Libertarian Reactions to Prop 8 Ruling

As you have probably heard by now, California’s controversial Proposition 8, which officially defined marriage in our state as an institution “between a man and a woman,” was overturned in federal court last Tuesday. In his ruling, Judge Vaughn Walker concludes:

Proposition 8 fails to advance any rational basis in singling out gay men and lesbians for denial of a marriage license. Indeed, the evidence shows Proposition 8 does nothing more than enshrine in the California Constitution the notion that opposite-sex couples are superior to same-sex couples. Because California has no interest in discriminating against gay men and lesbians, and because Proposition 8 prevents California from fulfilling its constitutional obligation to provide marriages on an equal basis, the court concludes that Proposition 8 is unconstitutional.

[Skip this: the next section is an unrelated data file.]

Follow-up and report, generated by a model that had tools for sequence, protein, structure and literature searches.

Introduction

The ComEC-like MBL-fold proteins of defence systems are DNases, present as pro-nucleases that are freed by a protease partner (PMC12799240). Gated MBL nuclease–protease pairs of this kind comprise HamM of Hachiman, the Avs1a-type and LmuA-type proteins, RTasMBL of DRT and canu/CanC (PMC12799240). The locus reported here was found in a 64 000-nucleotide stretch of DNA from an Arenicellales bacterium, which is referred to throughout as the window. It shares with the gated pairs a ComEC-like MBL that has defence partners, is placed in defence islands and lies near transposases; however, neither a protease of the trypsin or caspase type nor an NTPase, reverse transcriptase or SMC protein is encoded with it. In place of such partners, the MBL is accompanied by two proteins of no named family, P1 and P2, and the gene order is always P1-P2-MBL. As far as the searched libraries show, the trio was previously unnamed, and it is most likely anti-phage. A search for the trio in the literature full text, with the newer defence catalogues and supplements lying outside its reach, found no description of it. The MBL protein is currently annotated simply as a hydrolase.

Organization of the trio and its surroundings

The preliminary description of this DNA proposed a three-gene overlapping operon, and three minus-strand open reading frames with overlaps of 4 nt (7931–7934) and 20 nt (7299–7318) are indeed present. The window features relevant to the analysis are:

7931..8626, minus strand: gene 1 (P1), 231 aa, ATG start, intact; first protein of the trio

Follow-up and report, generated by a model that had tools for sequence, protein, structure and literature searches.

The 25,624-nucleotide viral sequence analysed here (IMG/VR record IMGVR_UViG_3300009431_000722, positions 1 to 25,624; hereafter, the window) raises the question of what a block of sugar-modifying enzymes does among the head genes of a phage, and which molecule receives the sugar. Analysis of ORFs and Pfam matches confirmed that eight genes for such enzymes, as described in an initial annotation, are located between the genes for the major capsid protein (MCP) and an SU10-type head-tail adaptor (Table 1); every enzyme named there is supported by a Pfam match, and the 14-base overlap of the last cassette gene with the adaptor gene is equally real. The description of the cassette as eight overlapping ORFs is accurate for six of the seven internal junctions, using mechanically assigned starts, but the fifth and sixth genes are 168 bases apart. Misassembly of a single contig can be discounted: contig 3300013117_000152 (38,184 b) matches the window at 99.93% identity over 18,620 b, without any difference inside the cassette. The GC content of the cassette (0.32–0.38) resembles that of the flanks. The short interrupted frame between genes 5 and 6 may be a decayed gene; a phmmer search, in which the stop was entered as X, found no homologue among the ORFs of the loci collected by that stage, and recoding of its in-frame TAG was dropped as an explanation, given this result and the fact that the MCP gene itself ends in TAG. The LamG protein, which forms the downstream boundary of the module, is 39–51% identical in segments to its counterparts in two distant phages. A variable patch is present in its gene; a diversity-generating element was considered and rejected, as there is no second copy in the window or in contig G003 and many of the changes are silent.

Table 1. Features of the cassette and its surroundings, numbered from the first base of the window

While I haven’t read enough of the court opinion to form an educated opinion yet, my initial reaction is one of great happiness. For too long have homosexual Americans been treated as second class citizens, their relationships being cast aside as not legitimate enough for marriage. Finally, they will receive the legal equality they are entitled to as human beings.

However, the libertarian reaction to this case has been nowhere near unanimous. While many like myself celebrate the ruling for its outcome of expanding freedom, some have cried foul, claiming that the ruling is the result of judicial activism. Furthermore, some have argued that the ruling only expands the government’s power to regulate marriage, an encroachment upon liberty rather than a victory for it. Being that most libertarians ultimately believe that the state should not be in the marriage business at all, such a mixed reaction is not so surprising.

As I mentioned earlier, I have not done enough the proper research to assert my opinion; I hope to write a piece when I have. However, there are quite a few interesting perspectives out in the libertarian blogosphere that are worth perusing. I suggest checking them out and formulating your own opinion:

So, how do you feel about the case? Please feel free to leave a comment about your reaction to the ruling. Also, if you know of any other libertarian perspectives on the case that I may have missed, please notify me via comment, and I’ll be happy to add them to the list.